Furthermore, to achieve the objectives of the present invention, there is provided a method for manufacturing a dynamo-electric machine including a commutator secured around a rotatable shaft and a plurality of carbon brushes placed in sliding contact with the commutator. The method includes a step of processing a sliding contact surface of the commutator, which is placed in sliding contact with the plurality of carbon brushes upon assembly of the dynamo-electric machine, to form a plurality of peaks and valleys in the sliding contact surface of the commutator with use of a cutting apparatus and a vibration generating apparatus. The plurality of peaks and valleys are substantially regularly and alternately arranged in both axial and circumferential directions of the commutator.

BRIEF DESCRIPTION OF THE DRAWINGS

The invention, together with additional objectives, features and advantages thereof, will be best understood from the following description, the appended claims and the accompanying drawings in which:

FIG. 1 is a schematic side view showing an apparaus and method for forming peaks and valleys of predetermined shapes in a sliding contact surface of a commutator of a motor according to an embodiment of the present invention;

FIG. 2 is a magnified perspective schematic view of the peaks and valleys formed in the sliding contact surface of the commutator of the motor;

FIG. 3 is a graph showing a relationship between a worn length of a brush of the motor and operation time of the motor measured for smooth sliding contact surfaces and rough sliding contact surfaces;

FIG. 4A is a graph showing a relationship between a noise level and a circumferential valley pitch of the sliding contact surface of the commutator;

FIG. 4B is a graph showing a relationship between a noise level and a surface roughness of the sliding contact surface of the commutator;

FIG. 5 is a longitudinal cross-sectional view of the motor;

FIG. 6 is an enlarged perspective view of a holder plate of the motor, showing case housings and brush subassemblies; and

FIG. 7 is an enlarged perspective view of the brush subassembly of the motor.

DETAILED DESCRIPTION OF THE INVENTION

An embodiment of the present invention will be described with reference to the accompanying drawings.

FIG. 5 shows a longitudinal cross-sectional view of a motor 10 acting as a dynamo-electric machine according to the embodiment of the present invention.

A yoke housing 12 of the motor 10 is shaped into a cup shape and has a drawn axial end portion at one axial end (right end side of FIG. 5). A bearing 16 is placed at a base wall 14 of the drawn axial end portion of the yoke housing 12. An end housing 18 is secured to the other end of the yoke housing 12.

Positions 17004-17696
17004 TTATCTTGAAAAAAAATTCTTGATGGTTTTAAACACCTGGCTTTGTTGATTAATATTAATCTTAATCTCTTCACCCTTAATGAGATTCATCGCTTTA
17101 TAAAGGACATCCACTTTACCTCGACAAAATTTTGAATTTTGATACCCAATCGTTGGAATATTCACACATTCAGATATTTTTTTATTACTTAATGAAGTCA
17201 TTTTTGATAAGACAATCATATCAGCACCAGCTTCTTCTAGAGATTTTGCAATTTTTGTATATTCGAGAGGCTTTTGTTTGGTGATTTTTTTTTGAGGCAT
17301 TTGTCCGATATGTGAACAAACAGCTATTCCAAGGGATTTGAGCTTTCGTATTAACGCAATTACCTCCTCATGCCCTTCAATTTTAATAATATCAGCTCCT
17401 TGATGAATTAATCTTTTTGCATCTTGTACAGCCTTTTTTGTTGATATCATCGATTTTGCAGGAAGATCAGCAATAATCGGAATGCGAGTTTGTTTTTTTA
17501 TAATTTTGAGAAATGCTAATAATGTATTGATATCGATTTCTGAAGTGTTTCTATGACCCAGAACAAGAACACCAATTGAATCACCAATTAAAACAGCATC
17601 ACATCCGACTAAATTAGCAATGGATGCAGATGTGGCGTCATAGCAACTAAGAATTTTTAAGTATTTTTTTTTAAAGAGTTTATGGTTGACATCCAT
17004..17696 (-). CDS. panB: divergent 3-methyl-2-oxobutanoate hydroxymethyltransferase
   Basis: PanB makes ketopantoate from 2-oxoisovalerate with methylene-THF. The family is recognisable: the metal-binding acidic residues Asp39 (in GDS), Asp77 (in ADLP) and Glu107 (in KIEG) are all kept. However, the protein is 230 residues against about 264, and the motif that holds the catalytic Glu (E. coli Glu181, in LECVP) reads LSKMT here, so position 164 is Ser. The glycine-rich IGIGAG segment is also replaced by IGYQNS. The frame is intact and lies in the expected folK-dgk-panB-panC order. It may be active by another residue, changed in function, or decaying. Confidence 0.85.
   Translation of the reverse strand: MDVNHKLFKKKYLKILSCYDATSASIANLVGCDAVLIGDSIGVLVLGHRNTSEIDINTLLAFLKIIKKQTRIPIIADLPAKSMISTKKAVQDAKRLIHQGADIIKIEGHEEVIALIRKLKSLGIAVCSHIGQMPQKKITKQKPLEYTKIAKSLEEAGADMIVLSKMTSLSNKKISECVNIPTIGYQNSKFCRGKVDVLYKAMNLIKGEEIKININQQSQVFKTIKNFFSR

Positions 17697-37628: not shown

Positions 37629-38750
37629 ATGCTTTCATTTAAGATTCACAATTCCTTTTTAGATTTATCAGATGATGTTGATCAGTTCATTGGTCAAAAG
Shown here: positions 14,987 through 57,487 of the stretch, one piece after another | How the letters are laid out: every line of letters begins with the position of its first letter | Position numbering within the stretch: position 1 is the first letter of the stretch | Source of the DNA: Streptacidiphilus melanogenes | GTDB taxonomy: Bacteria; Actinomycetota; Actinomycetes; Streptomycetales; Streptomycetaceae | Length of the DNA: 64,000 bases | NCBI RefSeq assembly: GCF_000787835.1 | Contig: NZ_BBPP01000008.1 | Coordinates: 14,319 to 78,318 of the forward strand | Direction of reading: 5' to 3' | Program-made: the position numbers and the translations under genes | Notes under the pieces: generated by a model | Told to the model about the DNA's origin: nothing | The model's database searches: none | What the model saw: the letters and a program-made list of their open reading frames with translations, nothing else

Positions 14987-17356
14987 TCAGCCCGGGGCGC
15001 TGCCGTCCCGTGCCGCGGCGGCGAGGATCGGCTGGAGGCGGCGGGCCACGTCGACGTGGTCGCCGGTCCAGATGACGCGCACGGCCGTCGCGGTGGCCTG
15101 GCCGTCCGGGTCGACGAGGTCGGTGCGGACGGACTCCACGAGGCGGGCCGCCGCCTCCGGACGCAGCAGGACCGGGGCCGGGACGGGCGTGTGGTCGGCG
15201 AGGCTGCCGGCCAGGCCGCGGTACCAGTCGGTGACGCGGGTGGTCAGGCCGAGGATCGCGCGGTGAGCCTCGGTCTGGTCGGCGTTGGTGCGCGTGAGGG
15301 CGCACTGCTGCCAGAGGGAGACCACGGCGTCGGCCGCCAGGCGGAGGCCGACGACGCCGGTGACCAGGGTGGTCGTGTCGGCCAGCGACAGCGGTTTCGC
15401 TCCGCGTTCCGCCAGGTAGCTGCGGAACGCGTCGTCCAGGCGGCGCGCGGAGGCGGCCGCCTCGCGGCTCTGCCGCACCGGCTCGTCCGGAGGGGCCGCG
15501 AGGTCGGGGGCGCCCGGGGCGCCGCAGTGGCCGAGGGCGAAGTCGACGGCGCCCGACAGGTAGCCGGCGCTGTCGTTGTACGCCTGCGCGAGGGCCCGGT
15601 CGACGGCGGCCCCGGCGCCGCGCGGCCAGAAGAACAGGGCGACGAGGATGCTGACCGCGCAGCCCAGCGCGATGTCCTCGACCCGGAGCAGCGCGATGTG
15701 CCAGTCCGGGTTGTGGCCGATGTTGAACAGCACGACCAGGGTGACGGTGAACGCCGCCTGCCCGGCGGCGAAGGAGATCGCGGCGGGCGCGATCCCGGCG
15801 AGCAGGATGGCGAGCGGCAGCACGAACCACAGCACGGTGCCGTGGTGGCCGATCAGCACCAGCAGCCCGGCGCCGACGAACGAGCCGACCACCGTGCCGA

A bearing 20 is arranged at a center portion of the end housing 18. A rotatable shaft 24 of an armature 22 is rotatably supported by this bearing 20 and the bearing 16 of the yoke housing 12. The armature 22 is received in the yoke housing 12. Magnets 26 are secured to an inner peripheral wall of the yoke housing 12 in opposed relationship to the armature 22.

A holder plate 28 is placed between the armature 22 and the bearing 20. The holder plate 28 is made of a relatively thin synthetic resin material and is secured to the end housing 18 near the bearing 20.

As shown in FIG. 6, the holder plate 28 has a pair of case housings 30. Each case housing 30 is shaped into a box shape and is integrated into the holder plate 28. A longitudinal axis of each case housing 30 extends in a direction perpendicular to an axial direction of a commutator 23 of the armature 22. Each case housing 30 has open front and rear ends. Furthermore, each case housing 30 receives a corresponding brush subassembly 32.

With reference to FIG. 7, each brush subassembly 32 received in the corresponding case housing 30 includes a brush case 34. The brush case 34 is made of a metal material and is shaped into a box shape that corresponds to the shape of the case housing 30. A pair of resilient support elements 36 (in the present embodiment, each resilient support element 36 is made of a soft resin material or a rubber material) are arranged in an outer peripheral surface of the brush case 34 and are spaced in an axial direction of the brush case 34.